Countries should not create an 'artificial horse race' between climate change and economic growth, says eminent economist
Tackling climate change does not mean sacrificing economic growth, former Treasury advisor Lord Stern has stressed once again in a speech this morning to leading diplomats.
To portray action on climate change and economic growth as competing alternatives is to "misunderstand economic development", the chair of the Grantham Research Institute on Climate Change at the London School of Economics said.
Speaking to ambassadors at an event organised by the French government ahead of COP21 later this year, Stern said since the last attempt at a global deal in Copenhagen, international understanding of the relationship between economic growth and climate responsibility has deepened - boosting the chance of successful deal in Paris.
"Our understanding has become more intense about the dangers of delay as we see the structure of the global economy changing, particularly in terms of cities, energy systems and land use, over the next two decades," he said.
Stern advised countries to focus on broadening their understanding that there is no "horse race" between economic growth and climate action, ahead of the Paris Summit in December. He also urged richer countries to support poorer countries in making the transition to low-carbon growth models by setting an example through their embrace of climate finance and low carbon technology, predicting this would help "provide the confidence that can underpin a ramping up of ambition".
For nearly 10 years Stern has set out the economic case for low-carbon growth. The Stern Review, released in 2006, was a landmark analysis into the economic cost of tackling climate change, and grabbed media headlines around the world for its conclusion tackling climate change would result in lower economic costs than a failure to act. He calculated the worst impacts of climate change could be avoided at a cost of just around one per cent of GDP.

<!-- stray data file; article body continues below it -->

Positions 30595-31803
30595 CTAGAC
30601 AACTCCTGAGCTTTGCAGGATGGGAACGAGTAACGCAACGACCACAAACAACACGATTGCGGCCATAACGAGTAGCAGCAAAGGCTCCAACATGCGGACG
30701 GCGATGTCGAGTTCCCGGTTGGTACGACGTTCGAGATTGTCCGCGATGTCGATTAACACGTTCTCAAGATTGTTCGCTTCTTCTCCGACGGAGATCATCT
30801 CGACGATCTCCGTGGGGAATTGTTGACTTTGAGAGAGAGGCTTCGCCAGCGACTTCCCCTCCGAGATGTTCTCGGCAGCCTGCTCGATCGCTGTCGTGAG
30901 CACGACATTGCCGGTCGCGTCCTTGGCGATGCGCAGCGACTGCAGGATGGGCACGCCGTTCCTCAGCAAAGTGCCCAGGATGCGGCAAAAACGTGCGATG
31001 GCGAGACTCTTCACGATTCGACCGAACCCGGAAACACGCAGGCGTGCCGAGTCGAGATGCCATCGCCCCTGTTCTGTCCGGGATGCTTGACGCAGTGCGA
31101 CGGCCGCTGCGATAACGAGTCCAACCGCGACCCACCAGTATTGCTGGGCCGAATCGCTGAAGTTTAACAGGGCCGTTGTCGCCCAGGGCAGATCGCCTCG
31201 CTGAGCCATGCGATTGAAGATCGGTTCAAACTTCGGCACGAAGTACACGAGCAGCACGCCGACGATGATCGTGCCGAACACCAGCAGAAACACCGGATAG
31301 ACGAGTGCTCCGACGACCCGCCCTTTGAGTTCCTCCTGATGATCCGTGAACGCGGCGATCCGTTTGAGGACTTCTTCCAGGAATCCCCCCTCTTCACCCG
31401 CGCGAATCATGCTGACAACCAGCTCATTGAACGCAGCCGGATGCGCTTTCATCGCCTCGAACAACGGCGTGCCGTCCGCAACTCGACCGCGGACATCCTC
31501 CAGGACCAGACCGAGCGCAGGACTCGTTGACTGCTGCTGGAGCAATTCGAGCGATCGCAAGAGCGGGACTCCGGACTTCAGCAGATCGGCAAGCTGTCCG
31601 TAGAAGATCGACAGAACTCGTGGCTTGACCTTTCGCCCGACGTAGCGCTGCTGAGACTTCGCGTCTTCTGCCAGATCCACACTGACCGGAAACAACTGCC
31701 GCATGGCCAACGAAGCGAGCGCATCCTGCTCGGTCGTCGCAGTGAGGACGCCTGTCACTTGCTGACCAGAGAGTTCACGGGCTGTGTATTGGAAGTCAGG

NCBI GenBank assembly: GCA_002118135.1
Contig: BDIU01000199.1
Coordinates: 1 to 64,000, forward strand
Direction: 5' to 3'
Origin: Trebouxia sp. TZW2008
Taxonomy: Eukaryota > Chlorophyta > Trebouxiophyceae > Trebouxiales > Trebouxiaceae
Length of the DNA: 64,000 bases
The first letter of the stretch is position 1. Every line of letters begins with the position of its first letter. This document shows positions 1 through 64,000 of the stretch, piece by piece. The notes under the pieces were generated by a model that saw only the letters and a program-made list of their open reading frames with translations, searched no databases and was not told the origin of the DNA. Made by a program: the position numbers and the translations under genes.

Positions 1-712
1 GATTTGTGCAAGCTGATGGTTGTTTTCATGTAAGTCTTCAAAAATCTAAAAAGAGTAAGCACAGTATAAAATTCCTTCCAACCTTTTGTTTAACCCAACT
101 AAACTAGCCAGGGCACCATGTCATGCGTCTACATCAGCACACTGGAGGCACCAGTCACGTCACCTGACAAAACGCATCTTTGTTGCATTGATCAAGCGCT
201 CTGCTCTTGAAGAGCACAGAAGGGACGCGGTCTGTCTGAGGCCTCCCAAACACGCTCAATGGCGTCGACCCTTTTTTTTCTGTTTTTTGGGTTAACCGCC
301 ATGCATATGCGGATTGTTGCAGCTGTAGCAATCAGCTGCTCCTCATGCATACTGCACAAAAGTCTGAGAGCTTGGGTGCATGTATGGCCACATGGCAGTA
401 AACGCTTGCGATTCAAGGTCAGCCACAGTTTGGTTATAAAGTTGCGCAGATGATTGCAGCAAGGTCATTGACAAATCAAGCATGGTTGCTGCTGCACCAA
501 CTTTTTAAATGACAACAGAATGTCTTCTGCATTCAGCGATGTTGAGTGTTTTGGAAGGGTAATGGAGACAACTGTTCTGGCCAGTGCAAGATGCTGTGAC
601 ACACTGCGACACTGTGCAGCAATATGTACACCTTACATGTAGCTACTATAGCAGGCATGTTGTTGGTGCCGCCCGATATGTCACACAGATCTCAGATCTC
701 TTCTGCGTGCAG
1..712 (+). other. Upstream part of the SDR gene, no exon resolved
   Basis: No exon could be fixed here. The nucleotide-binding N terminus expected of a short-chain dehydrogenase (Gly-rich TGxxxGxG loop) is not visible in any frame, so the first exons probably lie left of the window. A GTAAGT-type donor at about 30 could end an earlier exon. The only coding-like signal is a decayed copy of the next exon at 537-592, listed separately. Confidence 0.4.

In a paper published in July Stern reassessed his earlier findings, revising the cost of tackling climate change upwards to two per cent of GDP - the result of a decade of higher emissions and stricter guidelines over the amount of carbon we can safely burn. However, he said this figure would be much higher without the rapidly falling cost of clean energy and reiterated the economic costs of inaction would be significantly higher still.
Stern's latest remarks follow a report released last week from global bank Citigroup, which found that the cost of inaction was $1.8tr more than the cost of action, while a July report from the Economist Intelligence Unit found that climate change poses a potentially "catastrophic" risk to the global economy.
Getting the Paris Agreement to hit ground level needs clarity from government and backing from business
Governments have an important role to play in simplifying the message of the Paris Agreement to investors, argue AECOM's Lawrence Avery and Cambridge Econometrics' Hector Pollitt
Tens of thousands of tonnes of electrical waste is being shipped to Nigeria in clear breach of international rules
Fleet of five electric cargo bikes set off across London to deliver groceries to Sainsbury's customers
Energy firm's suite of products launched this week signposts a UK power, heat and transport system based around managing demand rather than boosting supply